Why Speed Trumps Management
- Oliver Yarbrough, PMP
Let's face it. We live in a customer-driven world.
Business success is predicated on your ability to rapidly meet (and exceed) your customer's wants, needs, and expectations. In other words –
Your entire company must be built for speed.
This is just as true for Fortune 100 corporations as it is for small to medium sized businesses. Take for example the telecommunications giant, AT&T. Several years ago, to remain competitive, they decided to retrain 250,000 of their employees.
A New York Times article stated –
“AT&T's competitors are not just Verizon and Sprint, but also tech giants like Amazon and Google. For the company to survive in this environment, Mr. Stephenson needs to retrain its 280,000 employees so they can improve their coding skills, or learn them, and make quick business decisions based on a fire hose of data coming into the company.”
AT&T needed its employees to make quick decisions, so they could build products and services as fast as their competitors. Randall Stephenson, chairman and chief executive of AT&T, emphasized, “We value people who are learning machines and are highly adaptable (anti-fragile) over people who only bring experience…. We realized a long time ago that you can't fight technology change and win.”
The days of large incumbents resting on their laurels are over. Either you quickly adapt or face imminent extinction.
Do you remember Palm, Inc., the company that once put out the popular Palm Treo line of smartphones? Well, they ascended to smartphone heaven. But in 2007, when Apple devices were introduced, the company couldn't adapt quickly enough and everyone knows where Palm Inc went since then..
So can we avoid being reduced to irrelevancy? Here are 3 trends that are driving the need for speed.
Traditionally, agility has been associated with small, emerging competitors. Nowadays, large companies such as Amazon and Netflix are just as nimble as some of the most agile startups.
How is this?
By their very nature, high-growth companies are disruptive. Speed isn't just a nice-to-have for them. It's one of their primary competitive advantages.
I'm talking about the S-P-E-E-D necessary to –
…hire and fire.
…produce and market.
…sell and deliver.
There will be winners. And, of course, there will be losers. When the dust settles, make sure you're one of the winners.
Leading in a world of uncertainty is daunting. It's not easy for large organizations to update systems, methodologies, and protocols that have been in place for decades. Strong leaders must guide organizations through this change by focusing stakeholders' attention on innovation and process improvements.
Customers expect you to anticipate what they need before they even know they need it. This is where innovation and agility meet.
Steve Jobs (Apple), once said –
“You can't just ask customers what they want and then try to give that to them. By the time you get it built, they'll want something new.”
The quicker you connect your product to your customer's current AND future needs, the better. This is how you become a market leader and stay there.
The relationship between buyer and seller has fundamentally changed. We live in a day and age of instant communications, short attention spans, and limited patience.
Time is a luxury you simply don't have. In a customer-driven world, whoever releases products that meet customers' needs and gets to them first… wins.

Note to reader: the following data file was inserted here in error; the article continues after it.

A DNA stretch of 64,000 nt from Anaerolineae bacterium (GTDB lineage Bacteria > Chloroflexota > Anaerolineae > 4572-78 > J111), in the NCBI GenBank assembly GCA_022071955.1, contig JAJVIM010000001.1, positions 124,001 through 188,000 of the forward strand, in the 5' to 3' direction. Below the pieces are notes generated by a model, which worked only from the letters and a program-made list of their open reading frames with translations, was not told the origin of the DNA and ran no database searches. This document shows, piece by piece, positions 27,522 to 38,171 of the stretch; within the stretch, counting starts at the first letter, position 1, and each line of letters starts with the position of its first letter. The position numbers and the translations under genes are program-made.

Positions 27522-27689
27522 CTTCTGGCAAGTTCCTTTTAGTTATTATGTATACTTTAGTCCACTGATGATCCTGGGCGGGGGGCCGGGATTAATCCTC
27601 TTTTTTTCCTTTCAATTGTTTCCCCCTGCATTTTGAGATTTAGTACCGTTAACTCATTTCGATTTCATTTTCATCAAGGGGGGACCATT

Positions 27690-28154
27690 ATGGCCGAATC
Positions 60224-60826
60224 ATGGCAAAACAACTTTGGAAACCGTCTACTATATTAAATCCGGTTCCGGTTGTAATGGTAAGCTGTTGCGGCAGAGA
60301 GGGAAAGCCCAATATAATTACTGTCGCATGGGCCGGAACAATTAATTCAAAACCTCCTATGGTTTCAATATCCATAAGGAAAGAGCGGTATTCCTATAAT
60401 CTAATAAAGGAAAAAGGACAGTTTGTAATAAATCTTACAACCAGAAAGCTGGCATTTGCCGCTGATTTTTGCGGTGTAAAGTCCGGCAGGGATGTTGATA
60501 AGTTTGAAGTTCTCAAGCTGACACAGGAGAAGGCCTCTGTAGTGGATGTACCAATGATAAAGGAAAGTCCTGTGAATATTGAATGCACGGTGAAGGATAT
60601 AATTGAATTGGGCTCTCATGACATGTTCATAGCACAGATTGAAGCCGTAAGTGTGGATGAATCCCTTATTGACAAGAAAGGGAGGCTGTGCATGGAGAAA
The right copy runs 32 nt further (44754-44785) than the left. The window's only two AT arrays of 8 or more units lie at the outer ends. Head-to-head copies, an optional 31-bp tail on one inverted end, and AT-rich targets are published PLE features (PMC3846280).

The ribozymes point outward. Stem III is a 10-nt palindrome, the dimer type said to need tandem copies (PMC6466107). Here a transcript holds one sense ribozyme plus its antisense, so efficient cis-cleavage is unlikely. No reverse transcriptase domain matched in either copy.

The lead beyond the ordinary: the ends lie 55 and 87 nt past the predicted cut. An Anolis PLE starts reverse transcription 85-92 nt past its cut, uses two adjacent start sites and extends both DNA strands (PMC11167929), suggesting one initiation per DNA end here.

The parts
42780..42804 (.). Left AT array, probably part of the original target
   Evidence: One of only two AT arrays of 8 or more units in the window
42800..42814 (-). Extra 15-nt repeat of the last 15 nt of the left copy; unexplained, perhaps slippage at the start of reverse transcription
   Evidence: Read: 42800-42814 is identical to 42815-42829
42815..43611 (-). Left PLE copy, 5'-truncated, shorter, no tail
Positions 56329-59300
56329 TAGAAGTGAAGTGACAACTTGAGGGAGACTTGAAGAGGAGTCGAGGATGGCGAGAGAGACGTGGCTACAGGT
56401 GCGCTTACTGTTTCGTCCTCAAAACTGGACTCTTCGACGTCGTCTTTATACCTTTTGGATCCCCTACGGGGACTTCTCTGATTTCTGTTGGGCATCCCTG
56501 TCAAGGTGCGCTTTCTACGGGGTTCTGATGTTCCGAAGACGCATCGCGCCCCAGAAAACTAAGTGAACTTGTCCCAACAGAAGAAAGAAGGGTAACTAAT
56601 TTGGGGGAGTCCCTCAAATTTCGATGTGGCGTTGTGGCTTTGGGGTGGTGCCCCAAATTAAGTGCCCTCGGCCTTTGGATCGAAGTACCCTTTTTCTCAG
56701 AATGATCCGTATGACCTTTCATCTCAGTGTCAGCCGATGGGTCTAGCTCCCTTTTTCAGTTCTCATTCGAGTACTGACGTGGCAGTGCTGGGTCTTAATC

Keep in mind, you'll never be able to onboard the customer who never bought from you and you'll never be able to grow the customer who doesn't continue buying from you. So it's best to show value early and often by releasing functional products that you can iterate and improve over time.
Speed to market is essential!
No one likes to be managed, however, everyone needs direction.
Management is all about control. In fast-paced environments, the challenge is for organizations to loosen their control in favor of agility.
Believe it or not, in the future, businesses will optimize their projects for speed and operate with LESS management. This begs the question –
Do we manage projects or do we facilitate agreed upon outcomes? Better yet, is the goal to manage projects or deliver value?
Disruptive forces are already making traditional forms of management irrelevant. Competitive industries such as IT are embracing 'management lite' and self-directed methodologies such as Scrum and Holacracy.
Less management allows for transformative breakthroughs, technological innovations, and agile teams.
Rather than compartmentalize decision-making like a Henry Ford assembly line and force decisions down a hierarchical management structure, today's growth organizations de-compartmentalize the way they approach projects.
As organizations go lean, they must unlock the hidden value of their most valuable resources – project teams. This can be initiated by letting them know how their projects fit into the bigger picture. In this way, future project teams are better positioned to quickly act and innovate.
In other words, they'll be encouraged to think of the business implications of their decisions and take an ownership stake in projects instead of delivering crafted outcomes meted out by dispassionate technology.
Project teams should be less concerned about controlling outcomes and more focused on producing value. Ultimately, the value that's produced should warrant the effort that's expended.
Since the customer determines value, project teams should be free to rapidly adapt deliverables as they work towards the end goal. This doesn't negate the high-level constraints. Instead, it empowers teams to address industry transformation and technology improvements in real time.
At the end of the day, the effort is justified because –
“Speed is compensated by value.”